Hopefully your new year’s golf resolutions involve a progression to the course and not just beating the back of your neck with sunlight on the practice range. Ideally, your resolutions should all be focused and specific enough that they each strengthen an element of your game to better your overall skill and ability to produce quality rounds. With that being said, here are some easy resolutions to set and follow that’ll return your investment with lower, more enjoyable, and more consistent rounds.
Stretch: I don’t know why, but this seems to be the part of the pre round routine and first tee regimen I see implemented the least. Perhaps it’s because we all feel a little self conscious twisting and contorting ourselves in the audience of the outdoors and surrounded by a course full of strangers. Whatever the case, resolving to stretch sufficiently before a range session and again before making the first tee shot is a minimal effort resolution that will undoubtedly produce better scores.
When starting your stretching routine, it’s important you actually stretch your muscles out and warm and loosen them instead of just sticking your driver over your head and making owl like twists for 5 minutes. Stretch with a purpose. Start with the lower body, something dynamic like body squats and lunges is great, as are hip circles and high knees. You want to simultaneously loosen and liven your muscles, and that’s not going to come from three groaning toe touches.
Putt, Putt Again, Then Keep Putting: When I walk onto the practice tee I see around at least a dozen instances of golfers hit two wedges, four to seventy five irons depending on how long it takes them to hit the exact shot they were looking for, and then three to ten of the fastest swung drivers in history before sprinting to the first tee. It’s frustratingly unproductive. Pre round range time has its place, to be sure, but that place is after preliminary putting, only if there’s at least still 30mins left to tee time, and before a last round of easy practice green putting.
Putting before a round wakes your brain up. It tells it that it’s time to get into golf mode, it’s time to start observing the world around you, deciding shots, and then creating the thought processes necessary to execute those shots. Similarly, putting just before the first tee shot calms the brain back down, eases the golfer into a more solid rhythm, and reminds the brain that it’s time to move from practice mode to execution mode.
Narrow Your Target: When I take a client onto the course for a playing lesson, or even just on the practice tee, I always ask them what the target for their shot is, particularly if it’s the first shot they’re trying to make. Many times their target will be some variation of naive optimism such as “my target is everything but that sand trap,” or “well I’m hoping I’ll find the fairway but who knows,” or, my personal favorite, “I definitely don’t want to hit it in the hazard.”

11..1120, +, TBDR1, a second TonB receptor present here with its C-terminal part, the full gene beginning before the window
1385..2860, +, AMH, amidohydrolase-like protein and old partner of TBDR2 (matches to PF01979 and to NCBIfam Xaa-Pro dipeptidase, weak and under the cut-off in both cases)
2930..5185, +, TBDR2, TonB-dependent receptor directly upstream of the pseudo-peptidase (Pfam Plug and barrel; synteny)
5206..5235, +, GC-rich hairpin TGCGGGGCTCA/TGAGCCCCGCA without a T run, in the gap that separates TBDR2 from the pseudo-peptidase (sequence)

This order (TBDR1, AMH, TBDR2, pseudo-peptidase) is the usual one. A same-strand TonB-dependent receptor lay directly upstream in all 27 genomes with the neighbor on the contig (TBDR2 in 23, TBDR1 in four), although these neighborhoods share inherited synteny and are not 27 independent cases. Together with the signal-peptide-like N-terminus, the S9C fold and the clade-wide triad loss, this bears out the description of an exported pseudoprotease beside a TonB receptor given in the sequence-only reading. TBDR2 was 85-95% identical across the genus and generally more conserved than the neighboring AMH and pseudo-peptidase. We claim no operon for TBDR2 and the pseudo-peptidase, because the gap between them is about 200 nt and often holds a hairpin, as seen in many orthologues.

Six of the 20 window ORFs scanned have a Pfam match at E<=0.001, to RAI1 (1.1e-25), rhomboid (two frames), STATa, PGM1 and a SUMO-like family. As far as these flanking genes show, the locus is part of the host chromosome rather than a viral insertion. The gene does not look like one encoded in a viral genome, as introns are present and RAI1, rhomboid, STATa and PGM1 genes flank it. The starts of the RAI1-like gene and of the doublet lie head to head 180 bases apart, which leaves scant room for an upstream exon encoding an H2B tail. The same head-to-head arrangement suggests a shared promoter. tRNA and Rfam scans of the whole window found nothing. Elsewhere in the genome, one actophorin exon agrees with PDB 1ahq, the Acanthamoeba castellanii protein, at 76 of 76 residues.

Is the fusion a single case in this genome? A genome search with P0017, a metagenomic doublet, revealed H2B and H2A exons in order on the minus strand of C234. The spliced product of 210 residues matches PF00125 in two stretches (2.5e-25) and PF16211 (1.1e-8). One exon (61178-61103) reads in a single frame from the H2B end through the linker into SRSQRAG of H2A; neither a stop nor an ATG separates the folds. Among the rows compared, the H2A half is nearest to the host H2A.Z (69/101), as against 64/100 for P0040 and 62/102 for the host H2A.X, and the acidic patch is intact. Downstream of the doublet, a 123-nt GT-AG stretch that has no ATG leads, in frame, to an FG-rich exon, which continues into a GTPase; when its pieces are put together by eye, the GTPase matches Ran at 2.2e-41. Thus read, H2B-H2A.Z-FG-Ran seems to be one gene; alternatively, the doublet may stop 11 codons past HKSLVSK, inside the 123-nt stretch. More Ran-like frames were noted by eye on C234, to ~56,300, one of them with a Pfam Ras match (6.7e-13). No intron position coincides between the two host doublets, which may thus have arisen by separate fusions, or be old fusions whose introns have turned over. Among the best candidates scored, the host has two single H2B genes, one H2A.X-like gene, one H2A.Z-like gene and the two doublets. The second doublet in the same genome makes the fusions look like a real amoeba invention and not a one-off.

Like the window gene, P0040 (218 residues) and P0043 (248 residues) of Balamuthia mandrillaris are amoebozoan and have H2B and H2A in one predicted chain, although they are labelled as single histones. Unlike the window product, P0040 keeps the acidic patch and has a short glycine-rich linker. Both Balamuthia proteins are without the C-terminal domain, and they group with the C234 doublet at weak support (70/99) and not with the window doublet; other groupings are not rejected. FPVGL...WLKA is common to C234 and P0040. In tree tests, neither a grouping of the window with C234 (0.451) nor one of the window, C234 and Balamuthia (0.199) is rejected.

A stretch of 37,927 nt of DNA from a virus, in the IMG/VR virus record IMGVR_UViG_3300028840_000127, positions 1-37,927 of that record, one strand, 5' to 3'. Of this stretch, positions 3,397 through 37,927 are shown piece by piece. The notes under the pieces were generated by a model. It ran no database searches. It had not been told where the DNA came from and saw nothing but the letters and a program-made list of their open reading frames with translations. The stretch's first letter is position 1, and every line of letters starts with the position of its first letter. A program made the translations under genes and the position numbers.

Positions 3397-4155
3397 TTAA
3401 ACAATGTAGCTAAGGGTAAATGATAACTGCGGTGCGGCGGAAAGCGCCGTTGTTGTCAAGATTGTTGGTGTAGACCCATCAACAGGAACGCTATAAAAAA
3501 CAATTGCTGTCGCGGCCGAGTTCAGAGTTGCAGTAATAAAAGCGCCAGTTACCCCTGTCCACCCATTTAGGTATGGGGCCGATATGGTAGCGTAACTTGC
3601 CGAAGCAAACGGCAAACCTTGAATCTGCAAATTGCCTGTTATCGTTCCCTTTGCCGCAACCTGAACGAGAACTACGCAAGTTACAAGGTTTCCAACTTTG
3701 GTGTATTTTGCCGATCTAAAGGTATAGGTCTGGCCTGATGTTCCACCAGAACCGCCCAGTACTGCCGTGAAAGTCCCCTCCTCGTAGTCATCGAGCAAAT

Here’s the thing. Your brain is smart, it’ll tell you what to do. If you tell your brain “don’t hit it here,” you’re being so vague about all the other places on planet earth you might be okay with hitting your ball to that your focus becomes on the only point of specificity in that statement, i.e. the hazard you’re trying to avoid. When you have a real, identifiable target your swing becomes much more deliberate. You’re more invested in executing a successful shot because you know where you want the ball to go. It’s the difference between getting in your car and hoping you find Disney World and actually following a map.
Have a Pre Shot Routine: A pre shot routine is not the Happy Gilmore windup. Nor is it the Charles Barkley hitch and go. It is however the Keegan Bradley 400 club spin, the Jason Dufner waggle, and the Tiger staredown. The pre shot routine is, in my laymen’s opinion, the most critical element to success for a golfer. A good pre shot routine can make up for less than sufficient practice time, and can visibly improve a player beyond their normal talent level. Conversely, a poor pre shot routine can permanently hamper a golfer from ever dropping down to their desired tier of score range.
Pre shot routines should accomplish several things:
- Establish a target
- Establish the shot necessary to execute the desired shot
- Instill in the player the motions necessary to successfully swing the club and create the chosen shot
- Transition the player’s thought process from an analytically based decision making mindset to a calm, autonomous, execution based mindset.
- Physically activate the muscles require to swing the club in the manner the player has chosen.
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